Mares faces Joseph Agbeko this weekend at the Nokia Theater in the finals of
Showtime's (10:30 PM, ET/PT) four-man bantamweight tournament. Not only is
Agbeko's IBF bantamweight title at stake; the claim to being the clear
challenger to Nonito Donaire as the world's best 118-pounder is also up for
grabs. However, during the early part of his semifinal bout versus Vic
Darchinyan back in December, it looked like Mares would be relegated to the
After four rounds at the Emerald Queen Casino in
Tacoma, Washington, Mares was not only floored in the first, he was deducted a
point in the fourth round. So essentially he was at least five points
down, just a third of the way into this bout. Oh, and did we mention
he was also cut from an accidental clash of noggins?
Mares didn't just have a hole to dig out from but
a canyon-sized crater.
"It's funny; I wasn't thinking of losing. I
didn't think, 'Oh, I got the fight lost' or anything at all," recalled
Mares, a couple of weeks ago at the Maywood Boxing Club after his day’s
training session. "When I first got knocked own, first thing that came to
my mind was the [Juan Manuel] Marquez and [Manny] Pacquiao fight, when
[Marquez] got knocked down three times and he still got a draw in the fight. So
when I got knocked down, I was like, 'This is nothing.' I wasn't even dazed; it
was nothing. I was still in the fight. Then after I got cut, that kinda worried
me because I was thinking, 'They would stop the fight' and I didn't want them
to stop the fight. So that's why the whole game plan changed and I had to put
pressure, make a totally different fight."
From the middle rounds forward, Mares just
steadily went to work, while Darchinyan just kept complaining more and more to
referee Robert Howard. Mares scored his own knockdown in the seventh and just
plain outhustled Darchinyan down the stretch to win via split decision by the scores
of 113-112 and 115-111 while Darchinyan won over judge Glen Hamada at 115-111.
It's one thing to beat a formidable foe but it's
something else to do it in the manner Mares did, where he had to grit his teeth
and come from behind the way he did. His manager, Frank Espinoza, told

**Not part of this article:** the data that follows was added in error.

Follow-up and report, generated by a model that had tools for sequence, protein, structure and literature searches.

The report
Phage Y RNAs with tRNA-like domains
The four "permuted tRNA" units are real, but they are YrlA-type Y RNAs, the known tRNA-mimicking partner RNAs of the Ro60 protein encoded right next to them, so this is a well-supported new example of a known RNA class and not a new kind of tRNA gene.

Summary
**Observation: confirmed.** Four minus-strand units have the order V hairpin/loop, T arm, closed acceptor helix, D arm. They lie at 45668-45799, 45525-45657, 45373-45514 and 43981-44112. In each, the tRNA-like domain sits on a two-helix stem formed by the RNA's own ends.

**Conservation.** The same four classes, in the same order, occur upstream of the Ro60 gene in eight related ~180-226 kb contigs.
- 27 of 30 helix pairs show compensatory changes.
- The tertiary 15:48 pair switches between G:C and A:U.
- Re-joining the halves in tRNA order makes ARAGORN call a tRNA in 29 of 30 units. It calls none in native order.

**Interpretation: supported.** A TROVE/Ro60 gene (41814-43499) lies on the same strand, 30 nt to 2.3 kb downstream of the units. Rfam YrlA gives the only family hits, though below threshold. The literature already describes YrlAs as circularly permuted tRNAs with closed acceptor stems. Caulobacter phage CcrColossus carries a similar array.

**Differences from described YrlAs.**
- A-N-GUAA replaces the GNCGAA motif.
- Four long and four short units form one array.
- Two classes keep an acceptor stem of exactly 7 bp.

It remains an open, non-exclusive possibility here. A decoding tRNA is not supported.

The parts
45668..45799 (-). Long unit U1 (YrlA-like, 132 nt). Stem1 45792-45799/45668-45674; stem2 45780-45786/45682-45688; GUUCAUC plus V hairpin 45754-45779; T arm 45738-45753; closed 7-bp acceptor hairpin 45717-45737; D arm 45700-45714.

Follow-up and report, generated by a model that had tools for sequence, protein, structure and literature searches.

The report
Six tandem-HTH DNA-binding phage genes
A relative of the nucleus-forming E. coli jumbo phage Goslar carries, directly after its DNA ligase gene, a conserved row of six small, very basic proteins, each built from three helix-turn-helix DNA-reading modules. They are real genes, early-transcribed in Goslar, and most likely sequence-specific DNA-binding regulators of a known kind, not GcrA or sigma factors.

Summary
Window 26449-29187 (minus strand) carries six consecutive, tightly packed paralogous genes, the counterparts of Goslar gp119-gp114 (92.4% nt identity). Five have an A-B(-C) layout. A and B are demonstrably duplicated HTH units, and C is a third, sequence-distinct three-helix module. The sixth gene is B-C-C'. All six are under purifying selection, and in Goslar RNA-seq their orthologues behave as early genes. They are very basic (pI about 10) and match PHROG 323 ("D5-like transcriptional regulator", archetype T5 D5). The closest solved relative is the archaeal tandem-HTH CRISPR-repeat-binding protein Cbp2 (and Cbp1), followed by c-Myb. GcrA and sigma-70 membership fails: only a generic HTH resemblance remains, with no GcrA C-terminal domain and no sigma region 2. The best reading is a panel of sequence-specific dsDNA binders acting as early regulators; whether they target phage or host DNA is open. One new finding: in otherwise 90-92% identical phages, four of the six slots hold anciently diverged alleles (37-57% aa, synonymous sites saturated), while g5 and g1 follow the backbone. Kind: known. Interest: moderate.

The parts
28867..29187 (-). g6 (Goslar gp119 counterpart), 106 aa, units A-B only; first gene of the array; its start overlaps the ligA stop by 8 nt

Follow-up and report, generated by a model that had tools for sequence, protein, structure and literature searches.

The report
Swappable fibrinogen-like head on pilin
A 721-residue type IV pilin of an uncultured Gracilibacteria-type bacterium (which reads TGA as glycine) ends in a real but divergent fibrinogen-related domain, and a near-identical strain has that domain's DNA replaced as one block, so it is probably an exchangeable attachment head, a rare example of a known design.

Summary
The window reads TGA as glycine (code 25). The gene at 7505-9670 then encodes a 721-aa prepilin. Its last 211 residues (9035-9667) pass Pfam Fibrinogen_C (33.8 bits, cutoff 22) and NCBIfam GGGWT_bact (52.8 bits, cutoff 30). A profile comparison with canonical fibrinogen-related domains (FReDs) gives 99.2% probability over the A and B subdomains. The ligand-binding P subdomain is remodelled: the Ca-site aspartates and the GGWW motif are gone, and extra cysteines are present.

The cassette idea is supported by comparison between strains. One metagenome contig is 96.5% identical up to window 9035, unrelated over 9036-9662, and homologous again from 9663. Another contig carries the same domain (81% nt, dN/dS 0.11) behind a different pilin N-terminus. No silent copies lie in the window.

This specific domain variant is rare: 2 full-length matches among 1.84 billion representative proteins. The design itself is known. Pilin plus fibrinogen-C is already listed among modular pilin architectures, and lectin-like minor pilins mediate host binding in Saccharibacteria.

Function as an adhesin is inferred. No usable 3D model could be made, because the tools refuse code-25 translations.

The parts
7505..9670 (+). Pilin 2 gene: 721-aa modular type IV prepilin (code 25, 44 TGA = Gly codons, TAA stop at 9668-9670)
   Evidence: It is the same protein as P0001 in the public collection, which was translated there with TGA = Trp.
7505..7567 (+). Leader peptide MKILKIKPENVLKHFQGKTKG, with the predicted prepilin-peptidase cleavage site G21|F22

Maxboxing, "I believe after winning the Vic Darchinyan fight that his
mentality and confidence went up another 30 percent." This fight came on
the heels of Mares’ tough luck draw against Yonnhy Perez for the IBF title last
May, which was his initial title opportunity.
At age 25, in his physical prime, Mares is now a
seasoned and hardened fighter. He admits that these experiences have made him
psychologically tougher and more confident. "Just winning a fight gives
you that confidence and especially against a fighter such as Vic
Darchinyan," he says. "He's beaten pretty much all the Mexicans. I'm
the first Mexican to beat him and definitely it gave me a boost as far as
mentality and physically; I think it just gave me motivation." Espinoza
adds, "I've seen it in his work ethic, the way he's determined, his
confidence, the way he's focused in the gym. There's no question about it; this
has really gone to another plateau for Abner."
He'll have to be because on the same night in
Tacoma, Agbeko opened some eyes by reversing his first encounter with Perez
with a series of adjustments that riddled the strong Colombian over 12 rounds.
He showed that by employing movement and quick, well-timed right hands over the
top, that he's more than just a one-trick “King Kong.” In their first meeting
on Halloween in 2009, Agbeko tried to grind it out with Perez; the second time
around he simply outfoxed him.
Mares is impressed by how Agbeko threw a change-up
"Definitely, he truly amazed me because I
didn't think he had that in him. I thought he was just a forward fighter. I
thought it was going to be a replay of the first fight, a toe-to-toe war fight.
But Agbeko, he came in there and he showed different things. He boxed; he hit;
he countered; he moved and he surprised me," Mares admitted. "He
showed a lot and that's why we really don't know what game plan he's going to
go in there with when he fights me. I don't know if he's going to come in as a
boxer or as a brawler but either way, I think both of us have a variety of
styles so it's going to be a chess game."
There's no doubt that Mares will have to be
adaptable in there. The problem that Perez had was that not only was he
one-dimensional; he never changed his own tempo or speed, making him
particularly easy to time. His repetitiveness in the ring made him an easy
puzzle to solve. Mares understands that he must shuffle the deck at times and
not just react to what Agbeko does but be proactive in changing up his own
"I gotta switch things in there," he
states. "I can't stick to one thing, [Agbeko]'s a smart fighter and he can
adapt to any style, I think. So I gotta change styles in-between rounds. It's
going to be a great fight. It's going to come down to the smarter
You can just envision a tactical fight which will
eventually turn into a dogfight at times, where both men will take turns taking
the lead and then adapt on the fly, making quick decisions based on what they
feel is successful. While all this is taking place, a few punches will be
hurled at each other. Both Mares and Agbeko will walk a fine line between
aggression and discipline.
"I think so; it all depends. We all know
styles make fights. If he comes as a boxer and I'm going to have to follow him,
it's going to come out to whoever puts pressure," said Mares, "but if
he goes in there brawling, I'll box. It all depends on the style he brings in but
at the end of the night, who's the smarter fighter will take this fight."